God I hated high schoolAug 27 04:36
Being crippled in high school wasn’t really my plan, but ug, accidents sure do happen. In an instant, my dreams of having the “Sweet Valley High” esque experience went out the window, and instead I was in store for 4 years of feeling like an alien, which is kinda inevitable when you‘re the only quadriplegic among a sea of homogenous 600+ white kids.
I was hurt just before my freshmen year and was back in class after 3 months. I really shouldn’t have been back in school that soon in retrospect, but my mom and everyone else insisted, so there I was mid-November, trying to find myself again, trying to be a “regular” high school kid, and failing miserably.
One of the hardest things about having a spinal cord injury is not knowing who you are anymore because there are so many things, hobbies you had, interests you had, that you can’t do anymore. For me it was dancing, playing my clarinet, cheering, swimming and goofing off in the woods. All those things were very much “me.“ After my injury, I couldn’t do any of that anymore. So when I went back to high school I had no idea how to represent myself, where I fit in or which “group” I belonged to. Who I was stripped away.
And the first year back was definitely the worst. Everyone was a freshmen trying to fit in. No one was interested in being the “new wheelchair girl’s” friend, and so thus began my thick-skin building (I think I have a callus the size of an iron first now). I do want to say that people were never out rightly mean; they did say hi if they saw me in the hall, they didn’t tease me. But I never felt like I connected….with anyone. It was all niceties and overtures (so many people in wheelchairs can relate to this).
Above all, one of the hardest things was never being accepted as a peer. Never being invited to parties, never going to any dances, never making any bff‘s (or a bf). My wheelchair just made everyone ridiculously scared of me. I had to learn how to be a happy loner, even ate lunch alone in a teacher’s office everyday. It was tough when all you wanted to was 'hang,' but could sense your very presence made most of the people at your school uncomfortable.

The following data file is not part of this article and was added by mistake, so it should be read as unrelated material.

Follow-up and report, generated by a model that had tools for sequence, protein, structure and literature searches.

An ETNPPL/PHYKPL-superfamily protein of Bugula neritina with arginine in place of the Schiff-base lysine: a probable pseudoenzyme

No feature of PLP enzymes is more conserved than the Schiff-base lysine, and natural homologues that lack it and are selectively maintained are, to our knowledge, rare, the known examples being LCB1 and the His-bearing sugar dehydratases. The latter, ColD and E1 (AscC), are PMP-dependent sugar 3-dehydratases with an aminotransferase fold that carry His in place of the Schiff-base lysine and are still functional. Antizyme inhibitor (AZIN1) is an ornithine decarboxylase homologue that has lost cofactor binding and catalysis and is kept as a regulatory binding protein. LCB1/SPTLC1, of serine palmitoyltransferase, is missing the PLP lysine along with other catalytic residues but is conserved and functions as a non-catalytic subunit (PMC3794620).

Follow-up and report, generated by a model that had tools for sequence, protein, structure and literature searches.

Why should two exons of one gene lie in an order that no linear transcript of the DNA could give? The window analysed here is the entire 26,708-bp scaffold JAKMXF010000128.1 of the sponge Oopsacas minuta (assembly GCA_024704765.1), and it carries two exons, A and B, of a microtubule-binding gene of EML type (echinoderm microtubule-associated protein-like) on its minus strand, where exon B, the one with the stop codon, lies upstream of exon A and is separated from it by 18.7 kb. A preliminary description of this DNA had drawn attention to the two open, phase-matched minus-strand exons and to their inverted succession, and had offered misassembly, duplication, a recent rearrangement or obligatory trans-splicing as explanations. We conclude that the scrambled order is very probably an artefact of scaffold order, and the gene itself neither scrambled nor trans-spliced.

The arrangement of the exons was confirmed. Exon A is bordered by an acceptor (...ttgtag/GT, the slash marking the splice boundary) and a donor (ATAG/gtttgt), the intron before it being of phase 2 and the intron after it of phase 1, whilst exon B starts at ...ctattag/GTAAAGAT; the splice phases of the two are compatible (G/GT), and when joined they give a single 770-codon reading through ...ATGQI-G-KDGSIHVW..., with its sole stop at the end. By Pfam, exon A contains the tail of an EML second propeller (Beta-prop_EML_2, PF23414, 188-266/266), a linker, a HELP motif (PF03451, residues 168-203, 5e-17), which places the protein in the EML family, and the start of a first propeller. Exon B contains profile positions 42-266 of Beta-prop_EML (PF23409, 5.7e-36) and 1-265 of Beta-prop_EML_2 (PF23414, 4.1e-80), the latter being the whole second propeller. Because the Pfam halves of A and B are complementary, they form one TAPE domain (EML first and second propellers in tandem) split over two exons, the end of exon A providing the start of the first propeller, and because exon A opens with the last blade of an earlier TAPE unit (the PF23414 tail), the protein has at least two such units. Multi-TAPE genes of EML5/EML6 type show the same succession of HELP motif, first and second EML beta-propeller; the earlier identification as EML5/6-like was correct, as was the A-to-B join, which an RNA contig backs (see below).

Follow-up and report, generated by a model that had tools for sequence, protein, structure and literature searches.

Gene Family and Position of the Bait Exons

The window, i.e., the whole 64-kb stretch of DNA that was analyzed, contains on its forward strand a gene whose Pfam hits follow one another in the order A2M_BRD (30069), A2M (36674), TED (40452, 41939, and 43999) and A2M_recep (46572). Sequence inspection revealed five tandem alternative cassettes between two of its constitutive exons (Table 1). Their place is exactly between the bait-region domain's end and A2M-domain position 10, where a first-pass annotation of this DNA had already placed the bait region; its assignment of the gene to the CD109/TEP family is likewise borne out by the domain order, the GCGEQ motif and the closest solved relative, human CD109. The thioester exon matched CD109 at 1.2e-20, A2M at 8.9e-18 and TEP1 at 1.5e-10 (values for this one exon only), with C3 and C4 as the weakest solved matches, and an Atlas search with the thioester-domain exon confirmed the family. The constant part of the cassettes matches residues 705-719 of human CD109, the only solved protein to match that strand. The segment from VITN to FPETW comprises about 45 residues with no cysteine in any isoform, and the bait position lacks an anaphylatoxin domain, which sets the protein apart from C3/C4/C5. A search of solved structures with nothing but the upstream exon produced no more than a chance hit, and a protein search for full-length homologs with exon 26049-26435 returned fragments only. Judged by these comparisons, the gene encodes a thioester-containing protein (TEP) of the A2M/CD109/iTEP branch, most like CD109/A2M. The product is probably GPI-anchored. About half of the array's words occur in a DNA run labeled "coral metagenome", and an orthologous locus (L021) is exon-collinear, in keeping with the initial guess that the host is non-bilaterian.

Those 4 years were the first 4 years "of life after" my diving accident, and out of my 19 years of being paralyzed, they years stand as some the hardest. I know I’m not the only one though. So many of us have high school experiences from hell from so many messed up scenarios (being gay, a different ethnicity, being fat, poor).
It’s all about getting through it though. I have refused all these years to ever be bitter about it. I was lucky to even be in high school, considering how I almost died my injury occured. Nothing is a given in life, every day is a gift (even if it isn’t exactly what we envisioned) and it’s all about not letting how people treat you influence your core being, and after getting out of high school from hell, moving on to a purpose-driven life of your own choosing. You'll love it.
What was your high school experience like? Were you lucky enough to be accepted by your peers?
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1. Justine | Aug 28 02:24
I can relate to your high school experience. Sadly, I feel like my life is one long high school experience, in that sense, and it sucks. And ive long since graduated. Any advice on how to get unstuck? Your life seems so fulfilling!
2. Crystal Rose | Aug 29 06:06
High school is hell for nearly everyone, even the rich, popular kids who seems to have everything. There's got to be a better way to warehouse and package young adults for four years before allowing them to start living. Until you're old enough to vote, our society is pretty much "screw you." And these are supposed to be the happiest years of our lives? What a crock! It's a crippling, soul-destroying prison from which a lot of people never escape. How many kids do you remember from high school who are still in their parents' basement with no desire to ever come out, on drugs or alcohol, stuck in abusive relationships, or dead? You, on the other hand, escaped high school and made a life for yourself. That's a big one for the win column, wheelchair or no wheelchair.
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Tiffiny Carlson is freelance writer and writes the “SCI Life” column for New Mobility. She's also a C6 quad from a diving accident that occurred when she was 14 years old. A lifelong resident of Minneapolis, Tiffiny has been a writer in the disability community for over 10 years and writes for several publications and blogs, as well as her personal blog BeautyAbility. Her work has also appeared in mainstream publications such as Nerve.com and Playgirl.